The threat of COVID-19, and the ongoing opening up of our society, has made its biological detection a critical health and security need
There has never been a greater need for dynamic, practical, high speed, and highly sensitive pathogen detection. Technologies are available today which make real-time detection of viruses, toxins and bacteria possible, providing timely information and confidence in the decision-making needed to protect employees, rule out false-alarms, and allow places to reopen and stay open safely. We need to harness the use of this technology to rebuild people’s confidence and to allow places of learning to flourish once again.
The COVID-19 pandemic has had a huge impact across the world and many different industries. At the forefront, education has been severely impacted. Campuses have faced many difficulties in the past 18 months implementing enforced social distancing measures with large numbers of people, the multi-use of learning environments, physical activity and socialising, and managing COVID-19 infection spikes, to name but a few. Current testing measures, such as PCR tests, are an excellent weapon we have at our disposal for tracking the virus, however, there are issues with picking up asymptomatic carriers, as well as the necessary time delay to receiving results. Technology can help play a role in enhancing other COVID-19 defence measures.
A biosensor is a biological detection system that consists of a biological component combined with a transducer to perform the measurement of a biochemical quantity. Biosensor technology has been utilised for many years but has been focused on biothreats that have been released intentionally. Smiths Detection offers a portable and accurate detection method, the BioFlash, and one that can be used to detect non-malicious threats, i.e. asymptomatic individuals mingling with others. Smiths Detection has been developing biosensors for the past 15 years using a technology developed and licensed from MIT called CANARY. Smiths Detection’s product consists of a patented biosensor technology that can perform specific identification of biological agents and an instrument to interpret and report those results, taking in high sample volumes in short periods of time. Last year, we advanced the technology to detect airborne SARS-CoV-2, confirmed with testing by the United States Army Medical Research Institute of Infectious Diseases and University of Oregon. Biosensor capabilities allow for both indoor and outdoor applications, so air quality can be tested quickly. Using biosensor technology to detect airborne COVID-19 particles has a critical role to play in the opening up and safe use of large shared campus spaces, such as auditoriums.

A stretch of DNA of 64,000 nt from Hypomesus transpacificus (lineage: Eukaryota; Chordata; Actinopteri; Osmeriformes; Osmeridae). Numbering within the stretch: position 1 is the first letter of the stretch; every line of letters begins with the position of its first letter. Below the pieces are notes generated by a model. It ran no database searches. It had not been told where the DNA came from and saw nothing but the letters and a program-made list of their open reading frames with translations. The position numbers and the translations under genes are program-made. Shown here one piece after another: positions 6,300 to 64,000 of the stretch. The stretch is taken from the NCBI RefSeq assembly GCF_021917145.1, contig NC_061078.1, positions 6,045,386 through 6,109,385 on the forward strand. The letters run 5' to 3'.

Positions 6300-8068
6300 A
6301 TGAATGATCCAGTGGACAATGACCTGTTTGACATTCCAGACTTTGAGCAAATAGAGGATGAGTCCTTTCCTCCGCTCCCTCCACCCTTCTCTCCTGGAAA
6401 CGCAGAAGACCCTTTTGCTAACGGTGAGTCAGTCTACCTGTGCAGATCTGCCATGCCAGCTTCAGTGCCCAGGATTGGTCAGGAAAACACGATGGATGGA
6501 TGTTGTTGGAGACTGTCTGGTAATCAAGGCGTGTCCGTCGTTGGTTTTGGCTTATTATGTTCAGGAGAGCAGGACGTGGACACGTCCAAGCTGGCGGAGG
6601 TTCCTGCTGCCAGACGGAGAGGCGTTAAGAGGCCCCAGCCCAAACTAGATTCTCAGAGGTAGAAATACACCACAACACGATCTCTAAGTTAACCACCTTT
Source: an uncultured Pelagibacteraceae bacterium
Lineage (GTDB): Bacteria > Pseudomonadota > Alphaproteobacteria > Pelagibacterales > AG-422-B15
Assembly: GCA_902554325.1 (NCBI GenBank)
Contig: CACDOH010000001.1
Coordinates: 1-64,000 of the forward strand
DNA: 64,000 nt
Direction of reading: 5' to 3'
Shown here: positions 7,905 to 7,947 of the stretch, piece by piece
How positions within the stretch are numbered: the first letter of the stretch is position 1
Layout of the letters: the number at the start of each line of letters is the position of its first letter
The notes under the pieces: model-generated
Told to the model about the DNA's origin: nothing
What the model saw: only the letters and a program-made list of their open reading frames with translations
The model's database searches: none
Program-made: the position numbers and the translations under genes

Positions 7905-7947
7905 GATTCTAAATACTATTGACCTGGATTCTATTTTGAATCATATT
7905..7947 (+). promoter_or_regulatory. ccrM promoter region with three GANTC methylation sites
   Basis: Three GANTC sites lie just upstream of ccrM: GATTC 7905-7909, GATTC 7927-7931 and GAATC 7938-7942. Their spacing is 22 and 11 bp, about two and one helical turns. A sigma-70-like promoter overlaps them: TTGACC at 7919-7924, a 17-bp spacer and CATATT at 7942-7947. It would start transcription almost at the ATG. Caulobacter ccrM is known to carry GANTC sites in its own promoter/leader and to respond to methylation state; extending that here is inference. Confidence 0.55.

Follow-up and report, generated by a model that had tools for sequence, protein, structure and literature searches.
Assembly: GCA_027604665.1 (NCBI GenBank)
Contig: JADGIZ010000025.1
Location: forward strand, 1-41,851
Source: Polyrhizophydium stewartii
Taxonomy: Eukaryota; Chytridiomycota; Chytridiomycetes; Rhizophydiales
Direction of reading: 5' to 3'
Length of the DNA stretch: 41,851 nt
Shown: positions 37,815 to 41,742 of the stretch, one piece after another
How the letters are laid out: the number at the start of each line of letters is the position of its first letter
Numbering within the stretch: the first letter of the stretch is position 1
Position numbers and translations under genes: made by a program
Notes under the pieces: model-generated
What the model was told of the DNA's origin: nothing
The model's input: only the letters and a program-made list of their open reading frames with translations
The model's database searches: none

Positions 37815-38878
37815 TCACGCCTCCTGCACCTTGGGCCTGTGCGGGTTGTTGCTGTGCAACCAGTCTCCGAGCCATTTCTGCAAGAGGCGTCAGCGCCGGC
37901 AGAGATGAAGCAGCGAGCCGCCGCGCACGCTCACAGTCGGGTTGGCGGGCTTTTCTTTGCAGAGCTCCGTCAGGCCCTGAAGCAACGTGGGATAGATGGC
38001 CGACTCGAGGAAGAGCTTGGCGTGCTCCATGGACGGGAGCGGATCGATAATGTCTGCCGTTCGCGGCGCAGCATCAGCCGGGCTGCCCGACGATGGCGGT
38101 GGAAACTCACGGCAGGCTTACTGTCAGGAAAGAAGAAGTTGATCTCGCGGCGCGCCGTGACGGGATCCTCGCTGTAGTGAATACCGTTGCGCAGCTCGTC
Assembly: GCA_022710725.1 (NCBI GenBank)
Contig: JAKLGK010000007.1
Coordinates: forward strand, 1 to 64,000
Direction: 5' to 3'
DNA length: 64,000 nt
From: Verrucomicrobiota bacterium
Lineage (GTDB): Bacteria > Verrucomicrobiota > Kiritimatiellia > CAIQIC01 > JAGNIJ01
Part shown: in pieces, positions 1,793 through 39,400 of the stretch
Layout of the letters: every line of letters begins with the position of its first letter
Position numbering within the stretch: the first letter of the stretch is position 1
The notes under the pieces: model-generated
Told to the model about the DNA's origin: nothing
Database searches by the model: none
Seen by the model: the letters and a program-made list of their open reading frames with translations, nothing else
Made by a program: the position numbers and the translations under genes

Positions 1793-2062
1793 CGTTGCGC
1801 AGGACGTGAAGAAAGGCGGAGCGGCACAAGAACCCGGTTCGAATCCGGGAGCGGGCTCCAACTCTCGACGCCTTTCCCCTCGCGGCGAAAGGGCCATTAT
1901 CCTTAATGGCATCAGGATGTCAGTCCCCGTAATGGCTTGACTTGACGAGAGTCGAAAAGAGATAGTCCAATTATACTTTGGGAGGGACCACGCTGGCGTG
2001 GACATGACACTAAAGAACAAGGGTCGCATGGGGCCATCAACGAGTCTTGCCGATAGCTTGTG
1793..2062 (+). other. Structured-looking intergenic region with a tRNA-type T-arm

Biosensors are being deployed and utilised around the world in a range of different formats. More recently Smiths Detection began a collaborative pilot project with the University of Maryland Baltimore County, to offer onsite testing capability for real-world use, aiming to help their Environmental Safety and Health (ESH) team with COVID-19 mitigation strategies on campus. One early testing success came when a student working in a research facility tested positive for COVID-19 on a diagnostic test. The ESH team used the BioFlash to test the facility’s air in three locations and received no positive result, confirming the space was safe to re-enter for students and staff, who could be comfortable in the knowledge that the area was COVID-free. Separately, in a collaborative effort with the Sports Medicine Department, an aerosol test conducted in a locker room following a team’s practice resulted in a positive detection on the BioFlash. As the result of the positive environmental test, UMBC was immediately able to have the team and staff tested for COVID and found three individuals were positive for COVID. These two real-world applications of the BioFlash demonstrate how the system can be used to both confirm the safety of a site and to help mitigate the spread of the virus. In this case, the COVID-positive individuals were able to be immediately identified and assisted, preventing further potential transmissions among the team and staff and at the team’s future athletic competitions. The BioFlash technology allows for onsite confirmation of these results in under three minutes with very low false alarm rates.
As with any piece of technology, biosensors will continue to develop and adapt, and we are already witnessing it. Biosensors will become smaller, cheaper, lighter to be utilised for handheld deployment in the future, allowing for rapid testing of classrooms in between classes, or the testing of individuals and groups ahead of larger gatherings. They will develop to take in samples from bigger spaces and in different environments and weather conditions. Specifically, to COVID-19, biosensors have already evolved in line with the virus, ensuring new variants are recognised and processed. Fixed biosensors could also become commonplace in specific campus areas to ensure a safe environment for all users.
We want to offer technological solutions to be part of the overall COVID-19 mitigation strategy and for people to feel safe in any environment. Technology is available to empower campuses, and other places of work and leisure, to support and enhance their mitigations strategies in a cost effective and efficient way. The more quickly we can deploy complementary virus mitigation techniques, the quicker we can get back to normal life.
For more information visit http://www.smithsdetection.com/